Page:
Deposition of trace metals associated with atmospheric particulate matter: Environmental fate and health risk assessment

Meththika Vithanage*, Pasan Chinthana Bandara, Luís A B Novo, Amit Kumar, Balram Ambade, G Naveendrakumar, Manjula Ranagalage, Dhammika N Magana-Arachchi

*Corresponding author for this work

Research output: Contribution to journalReview articlepeer-review

39 Citations (Scopus)
67 Downloads (Pure)


Anthropogenic and natural sources influence trace metals (TMs) bound to different sized particulate matter (PM) in dry and wet atmospheric deposition, which can create ecosystem and human health issues in the long run. Limited reviews are available summarizing worldwide concentrations in TMs in atmospheric PMs, their sources and pathways. Simultaneously, quantitative assessment of the potential human and ecosystem health risks imposed by the atmospheric particulate matter has not been adequately reviewed. Addressing this gap, here we review, the concentration of TMs in dry deposition mainly varies with the responsible sources, whereas, in wet deposition, it depends on the solubility of TMs. Other than deposition on impervious surfaces, the TMs incorporated PM can be deposited on biological agents. Health risk assessments show that ingestion and dermal contact pathways are more likely to cause health issues, however, the probability of occurring ingestion and dermal contact pathways is limited. Attention must be paid to the contribution from non-exhaust and exhaust vehicular emissions for TMs in atmospheric deposition, understanding their impact on stormwater management and urban agriculture. Behaviors of TMs in the atmosphere depends on many complex factors including origin, wind patterns, and weather conditions. Therefore, future research needs to be carried to model and predict the fate and transfer of TMs once they are generated through natural and anthropogenic sources. We believe that such research would allow establishing pollution control policies and measures in urban environments which will be critical to reduce the levels of TMs associated with atmospheric deposition in the environment.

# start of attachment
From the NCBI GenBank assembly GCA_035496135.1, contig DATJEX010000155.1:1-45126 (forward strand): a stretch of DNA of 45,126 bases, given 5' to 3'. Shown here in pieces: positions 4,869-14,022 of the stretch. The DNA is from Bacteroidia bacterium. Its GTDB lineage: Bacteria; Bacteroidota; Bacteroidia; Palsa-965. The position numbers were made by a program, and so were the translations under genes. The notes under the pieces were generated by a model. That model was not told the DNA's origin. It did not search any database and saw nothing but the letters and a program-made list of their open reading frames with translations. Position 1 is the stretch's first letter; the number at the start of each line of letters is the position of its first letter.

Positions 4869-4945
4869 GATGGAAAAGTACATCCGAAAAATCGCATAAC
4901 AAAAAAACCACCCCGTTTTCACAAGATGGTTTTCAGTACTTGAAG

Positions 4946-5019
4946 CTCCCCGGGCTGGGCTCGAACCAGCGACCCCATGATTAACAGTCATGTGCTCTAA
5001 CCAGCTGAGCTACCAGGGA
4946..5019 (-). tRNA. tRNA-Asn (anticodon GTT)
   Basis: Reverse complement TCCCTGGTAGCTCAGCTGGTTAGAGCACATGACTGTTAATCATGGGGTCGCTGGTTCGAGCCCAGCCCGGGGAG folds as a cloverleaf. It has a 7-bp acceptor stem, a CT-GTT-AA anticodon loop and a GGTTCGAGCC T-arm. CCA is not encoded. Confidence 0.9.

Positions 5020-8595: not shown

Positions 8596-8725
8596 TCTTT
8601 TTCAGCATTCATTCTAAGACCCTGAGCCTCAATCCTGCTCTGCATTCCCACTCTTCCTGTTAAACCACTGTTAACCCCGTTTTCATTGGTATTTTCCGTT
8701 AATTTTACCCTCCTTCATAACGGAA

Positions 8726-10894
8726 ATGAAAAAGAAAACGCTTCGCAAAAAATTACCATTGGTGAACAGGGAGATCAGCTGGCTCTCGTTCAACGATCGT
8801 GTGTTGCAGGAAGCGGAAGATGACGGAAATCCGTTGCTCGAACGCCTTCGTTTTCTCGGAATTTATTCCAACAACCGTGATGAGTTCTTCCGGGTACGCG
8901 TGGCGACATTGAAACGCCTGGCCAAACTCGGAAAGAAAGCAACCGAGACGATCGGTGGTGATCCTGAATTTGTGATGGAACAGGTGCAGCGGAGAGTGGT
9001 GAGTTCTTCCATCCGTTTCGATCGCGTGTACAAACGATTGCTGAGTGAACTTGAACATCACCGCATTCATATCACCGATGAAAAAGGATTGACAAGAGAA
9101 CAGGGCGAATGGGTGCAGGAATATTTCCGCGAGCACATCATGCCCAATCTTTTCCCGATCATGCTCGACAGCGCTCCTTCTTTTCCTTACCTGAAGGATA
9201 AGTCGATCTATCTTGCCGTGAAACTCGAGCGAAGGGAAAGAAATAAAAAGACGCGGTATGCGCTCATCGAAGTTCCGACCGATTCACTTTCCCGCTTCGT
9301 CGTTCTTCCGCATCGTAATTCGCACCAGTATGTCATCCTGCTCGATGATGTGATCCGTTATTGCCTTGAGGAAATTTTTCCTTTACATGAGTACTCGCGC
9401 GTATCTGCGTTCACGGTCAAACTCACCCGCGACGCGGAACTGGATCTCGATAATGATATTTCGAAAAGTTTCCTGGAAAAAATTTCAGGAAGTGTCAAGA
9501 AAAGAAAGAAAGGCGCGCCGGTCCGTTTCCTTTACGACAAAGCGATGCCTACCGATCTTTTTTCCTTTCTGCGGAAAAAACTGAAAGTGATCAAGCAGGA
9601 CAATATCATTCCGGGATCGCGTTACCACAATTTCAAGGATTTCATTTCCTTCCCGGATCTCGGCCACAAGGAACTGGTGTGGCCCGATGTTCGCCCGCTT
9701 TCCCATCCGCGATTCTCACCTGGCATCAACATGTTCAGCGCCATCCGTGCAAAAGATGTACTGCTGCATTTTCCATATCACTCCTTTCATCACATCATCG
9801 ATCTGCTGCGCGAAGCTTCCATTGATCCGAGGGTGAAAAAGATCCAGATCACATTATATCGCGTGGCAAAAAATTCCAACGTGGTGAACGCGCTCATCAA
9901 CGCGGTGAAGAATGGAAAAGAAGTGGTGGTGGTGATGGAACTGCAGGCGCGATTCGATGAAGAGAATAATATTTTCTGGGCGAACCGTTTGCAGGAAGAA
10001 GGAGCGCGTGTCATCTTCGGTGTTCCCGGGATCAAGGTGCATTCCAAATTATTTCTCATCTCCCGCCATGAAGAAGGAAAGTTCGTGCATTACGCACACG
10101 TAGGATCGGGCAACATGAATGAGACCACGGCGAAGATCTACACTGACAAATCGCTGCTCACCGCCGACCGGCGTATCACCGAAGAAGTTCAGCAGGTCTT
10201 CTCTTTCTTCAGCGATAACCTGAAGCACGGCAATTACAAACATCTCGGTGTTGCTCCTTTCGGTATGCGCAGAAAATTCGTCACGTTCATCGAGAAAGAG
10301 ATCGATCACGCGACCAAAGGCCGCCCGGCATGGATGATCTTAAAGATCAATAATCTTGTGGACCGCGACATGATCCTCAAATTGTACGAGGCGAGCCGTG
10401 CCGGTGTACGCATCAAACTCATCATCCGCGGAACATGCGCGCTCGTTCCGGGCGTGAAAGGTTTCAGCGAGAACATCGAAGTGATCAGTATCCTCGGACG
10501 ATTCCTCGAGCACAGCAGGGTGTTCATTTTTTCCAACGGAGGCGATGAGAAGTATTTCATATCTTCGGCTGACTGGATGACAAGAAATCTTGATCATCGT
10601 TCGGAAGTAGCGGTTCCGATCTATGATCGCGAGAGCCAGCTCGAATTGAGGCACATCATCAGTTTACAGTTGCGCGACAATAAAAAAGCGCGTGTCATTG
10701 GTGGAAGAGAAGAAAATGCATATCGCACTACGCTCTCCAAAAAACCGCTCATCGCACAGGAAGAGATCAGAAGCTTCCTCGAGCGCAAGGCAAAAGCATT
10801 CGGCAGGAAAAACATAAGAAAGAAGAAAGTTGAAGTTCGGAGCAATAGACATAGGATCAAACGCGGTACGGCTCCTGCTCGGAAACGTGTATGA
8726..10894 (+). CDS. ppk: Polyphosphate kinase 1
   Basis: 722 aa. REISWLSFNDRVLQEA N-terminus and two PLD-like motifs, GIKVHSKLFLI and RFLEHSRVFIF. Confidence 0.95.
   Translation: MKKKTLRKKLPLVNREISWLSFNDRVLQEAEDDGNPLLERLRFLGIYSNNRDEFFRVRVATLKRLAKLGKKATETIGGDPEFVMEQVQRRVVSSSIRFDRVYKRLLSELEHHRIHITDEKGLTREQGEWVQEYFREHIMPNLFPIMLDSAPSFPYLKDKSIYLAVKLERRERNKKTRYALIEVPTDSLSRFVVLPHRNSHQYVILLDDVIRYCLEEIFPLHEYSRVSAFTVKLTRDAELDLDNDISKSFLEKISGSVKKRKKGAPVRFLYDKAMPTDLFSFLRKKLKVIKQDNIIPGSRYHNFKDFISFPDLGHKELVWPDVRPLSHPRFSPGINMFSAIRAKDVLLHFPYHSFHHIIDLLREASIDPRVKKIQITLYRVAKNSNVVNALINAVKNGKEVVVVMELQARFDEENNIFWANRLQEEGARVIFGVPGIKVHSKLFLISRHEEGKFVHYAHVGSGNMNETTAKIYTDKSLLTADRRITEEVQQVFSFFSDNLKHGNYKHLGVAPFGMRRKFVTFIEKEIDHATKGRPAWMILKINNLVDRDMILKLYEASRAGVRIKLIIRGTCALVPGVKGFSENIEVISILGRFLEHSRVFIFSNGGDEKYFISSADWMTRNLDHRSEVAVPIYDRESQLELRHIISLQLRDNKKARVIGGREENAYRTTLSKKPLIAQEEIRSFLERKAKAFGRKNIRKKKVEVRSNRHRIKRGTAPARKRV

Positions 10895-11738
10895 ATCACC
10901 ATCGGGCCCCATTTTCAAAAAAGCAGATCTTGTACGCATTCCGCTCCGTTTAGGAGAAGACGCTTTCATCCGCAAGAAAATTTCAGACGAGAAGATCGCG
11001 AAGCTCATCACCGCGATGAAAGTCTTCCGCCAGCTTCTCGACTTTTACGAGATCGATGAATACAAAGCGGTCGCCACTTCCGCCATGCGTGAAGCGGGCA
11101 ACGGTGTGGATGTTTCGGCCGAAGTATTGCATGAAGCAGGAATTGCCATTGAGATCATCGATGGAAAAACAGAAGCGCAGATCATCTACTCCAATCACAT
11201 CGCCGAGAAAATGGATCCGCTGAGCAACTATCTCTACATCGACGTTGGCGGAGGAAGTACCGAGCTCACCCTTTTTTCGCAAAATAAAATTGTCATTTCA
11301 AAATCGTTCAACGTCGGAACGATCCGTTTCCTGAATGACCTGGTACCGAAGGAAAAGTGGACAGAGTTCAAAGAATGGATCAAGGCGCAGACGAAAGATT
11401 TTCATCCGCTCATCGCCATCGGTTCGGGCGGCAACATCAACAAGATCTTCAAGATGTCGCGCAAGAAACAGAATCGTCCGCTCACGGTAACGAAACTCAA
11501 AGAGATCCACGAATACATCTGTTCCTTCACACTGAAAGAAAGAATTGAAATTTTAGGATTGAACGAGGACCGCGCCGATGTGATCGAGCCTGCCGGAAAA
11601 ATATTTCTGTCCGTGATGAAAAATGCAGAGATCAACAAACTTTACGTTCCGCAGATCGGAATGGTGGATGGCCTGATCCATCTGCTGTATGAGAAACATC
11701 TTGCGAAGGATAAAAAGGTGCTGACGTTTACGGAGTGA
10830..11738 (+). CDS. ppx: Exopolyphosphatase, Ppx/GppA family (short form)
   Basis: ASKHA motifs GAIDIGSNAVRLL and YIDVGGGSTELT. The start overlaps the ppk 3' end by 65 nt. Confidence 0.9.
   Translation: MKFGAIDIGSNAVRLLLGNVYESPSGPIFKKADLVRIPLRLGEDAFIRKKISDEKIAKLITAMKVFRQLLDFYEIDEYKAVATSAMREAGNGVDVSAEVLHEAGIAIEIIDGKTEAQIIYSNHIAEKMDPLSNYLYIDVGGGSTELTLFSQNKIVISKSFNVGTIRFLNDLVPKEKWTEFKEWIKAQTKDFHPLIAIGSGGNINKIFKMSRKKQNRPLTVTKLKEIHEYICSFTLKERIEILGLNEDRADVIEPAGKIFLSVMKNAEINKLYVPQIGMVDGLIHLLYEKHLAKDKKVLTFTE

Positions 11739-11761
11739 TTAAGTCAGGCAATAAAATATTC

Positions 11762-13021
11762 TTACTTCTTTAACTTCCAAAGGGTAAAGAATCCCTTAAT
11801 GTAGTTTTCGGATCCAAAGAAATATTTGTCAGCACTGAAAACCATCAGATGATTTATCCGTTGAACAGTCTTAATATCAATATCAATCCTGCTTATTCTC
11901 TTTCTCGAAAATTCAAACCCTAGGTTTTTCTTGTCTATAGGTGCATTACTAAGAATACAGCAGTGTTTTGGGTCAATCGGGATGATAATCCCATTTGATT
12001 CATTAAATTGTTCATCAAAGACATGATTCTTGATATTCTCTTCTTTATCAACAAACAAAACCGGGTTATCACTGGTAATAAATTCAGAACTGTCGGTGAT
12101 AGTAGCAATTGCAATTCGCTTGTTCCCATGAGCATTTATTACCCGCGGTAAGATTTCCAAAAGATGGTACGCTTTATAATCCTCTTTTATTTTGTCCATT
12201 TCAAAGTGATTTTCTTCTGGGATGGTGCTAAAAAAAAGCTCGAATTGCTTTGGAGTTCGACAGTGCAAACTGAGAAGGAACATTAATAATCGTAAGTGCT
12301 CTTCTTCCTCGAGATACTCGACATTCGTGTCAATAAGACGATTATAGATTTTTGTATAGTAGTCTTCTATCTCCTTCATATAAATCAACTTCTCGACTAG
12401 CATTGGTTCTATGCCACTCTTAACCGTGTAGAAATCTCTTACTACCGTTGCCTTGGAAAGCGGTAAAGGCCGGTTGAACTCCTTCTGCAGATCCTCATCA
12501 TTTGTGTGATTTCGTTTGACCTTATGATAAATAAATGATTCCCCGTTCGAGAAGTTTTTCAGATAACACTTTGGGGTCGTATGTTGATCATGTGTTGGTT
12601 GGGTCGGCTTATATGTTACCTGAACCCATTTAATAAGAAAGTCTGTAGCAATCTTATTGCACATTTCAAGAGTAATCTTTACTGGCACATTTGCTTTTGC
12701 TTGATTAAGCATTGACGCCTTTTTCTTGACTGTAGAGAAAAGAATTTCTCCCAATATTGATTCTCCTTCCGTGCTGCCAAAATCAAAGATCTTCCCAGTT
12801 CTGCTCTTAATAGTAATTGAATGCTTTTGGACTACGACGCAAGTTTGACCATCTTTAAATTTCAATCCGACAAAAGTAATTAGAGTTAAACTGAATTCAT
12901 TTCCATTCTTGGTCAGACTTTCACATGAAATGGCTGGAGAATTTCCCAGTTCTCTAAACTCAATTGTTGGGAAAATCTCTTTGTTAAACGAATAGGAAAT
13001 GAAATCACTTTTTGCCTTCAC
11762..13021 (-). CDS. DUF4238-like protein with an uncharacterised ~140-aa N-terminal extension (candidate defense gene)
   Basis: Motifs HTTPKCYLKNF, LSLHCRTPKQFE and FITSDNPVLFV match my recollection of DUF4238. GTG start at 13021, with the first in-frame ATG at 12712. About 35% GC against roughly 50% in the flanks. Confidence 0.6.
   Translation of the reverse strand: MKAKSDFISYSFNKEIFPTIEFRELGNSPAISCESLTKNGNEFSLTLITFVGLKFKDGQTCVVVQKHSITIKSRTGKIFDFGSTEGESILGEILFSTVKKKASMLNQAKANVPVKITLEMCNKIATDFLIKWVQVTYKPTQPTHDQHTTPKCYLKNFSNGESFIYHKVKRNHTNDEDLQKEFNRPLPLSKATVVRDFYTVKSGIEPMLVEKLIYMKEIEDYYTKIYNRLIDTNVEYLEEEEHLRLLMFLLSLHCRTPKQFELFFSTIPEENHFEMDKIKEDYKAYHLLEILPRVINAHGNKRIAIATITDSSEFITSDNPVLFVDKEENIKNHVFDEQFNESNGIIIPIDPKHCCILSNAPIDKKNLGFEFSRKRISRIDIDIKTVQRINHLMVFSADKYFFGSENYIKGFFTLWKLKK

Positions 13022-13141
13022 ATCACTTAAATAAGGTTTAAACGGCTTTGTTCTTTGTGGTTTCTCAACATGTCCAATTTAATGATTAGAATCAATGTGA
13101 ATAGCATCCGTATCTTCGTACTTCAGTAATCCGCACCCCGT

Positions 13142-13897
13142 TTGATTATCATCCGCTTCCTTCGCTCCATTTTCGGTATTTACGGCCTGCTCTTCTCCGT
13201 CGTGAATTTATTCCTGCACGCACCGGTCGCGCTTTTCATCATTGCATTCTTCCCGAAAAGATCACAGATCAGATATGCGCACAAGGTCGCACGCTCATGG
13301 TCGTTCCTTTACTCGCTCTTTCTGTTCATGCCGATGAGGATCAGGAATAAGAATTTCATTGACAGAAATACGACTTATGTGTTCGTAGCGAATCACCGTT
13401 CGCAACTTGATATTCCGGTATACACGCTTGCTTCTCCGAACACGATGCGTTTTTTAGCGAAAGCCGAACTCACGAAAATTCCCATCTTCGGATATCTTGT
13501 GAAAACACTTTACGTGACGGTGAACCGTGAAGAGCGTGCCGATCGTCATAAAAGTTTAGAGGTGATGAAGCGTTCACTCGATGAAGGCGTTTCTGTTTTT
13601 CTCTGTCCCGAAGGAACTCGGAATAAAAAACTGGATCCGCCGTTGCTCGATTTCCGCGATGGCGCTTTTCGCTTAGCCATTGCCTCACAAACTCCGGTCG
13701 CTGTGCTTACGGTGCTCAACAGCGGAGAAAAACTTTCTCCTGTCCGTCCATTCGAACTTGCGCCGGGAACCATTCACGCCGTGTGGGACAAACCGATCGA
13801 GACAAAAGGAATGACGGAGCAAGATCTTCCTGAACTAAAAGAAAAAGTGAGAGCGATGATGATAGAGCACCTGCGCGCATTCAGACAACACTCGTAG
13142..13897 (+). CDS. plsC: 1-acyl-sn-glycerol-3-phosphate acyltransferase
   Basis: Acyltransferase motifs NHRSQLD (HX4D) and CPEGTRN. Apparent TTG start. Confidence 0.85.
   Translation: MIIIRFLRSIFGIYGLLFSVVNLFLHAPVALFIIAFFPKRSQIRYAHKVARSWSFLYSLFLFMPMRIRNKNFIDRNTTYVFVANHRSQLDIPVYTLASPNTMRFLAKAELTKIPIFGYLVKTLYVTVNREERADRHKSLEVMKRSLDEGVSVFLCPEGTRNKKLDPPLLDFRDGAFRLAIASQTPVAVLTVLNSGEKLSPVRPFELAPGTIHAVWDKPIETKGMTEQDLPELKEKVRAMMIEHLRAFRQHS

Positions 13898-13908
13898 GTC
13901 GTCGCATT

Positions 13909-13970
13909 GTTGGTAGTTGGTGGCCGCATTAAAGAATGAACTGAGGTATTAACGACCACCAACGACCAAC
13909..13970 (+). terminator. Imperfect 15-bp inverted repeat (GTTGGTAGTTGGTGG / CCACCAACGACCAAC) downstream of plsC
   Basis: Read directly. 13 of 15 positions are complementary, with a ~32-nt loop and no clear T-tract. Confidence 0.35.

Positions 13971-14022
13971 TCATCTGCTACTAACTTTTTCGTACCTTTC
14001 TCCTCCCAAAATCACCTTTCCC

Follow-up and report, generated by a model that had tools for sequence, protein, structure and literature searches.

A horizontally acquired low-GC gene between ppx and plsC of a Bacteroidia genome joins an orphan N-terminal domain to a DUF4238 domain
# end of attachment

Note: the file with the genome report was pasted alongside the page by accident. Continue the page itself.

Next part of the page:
Original languageEnglish
Article number135051
Issue numberPt 3
Early online date4 Jun 2022
Publication statusPrint publication - Sept 2022

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  • Air Pollutants/analysis
  • Ecosystem
  • Environmental Monitoring
  • Humans
  • Metals, Heavy/analysis
  • Particulate Matter/analysis
  • Risk Assessment
  • Trace Elements/analysis
  • Vehicle Emissions


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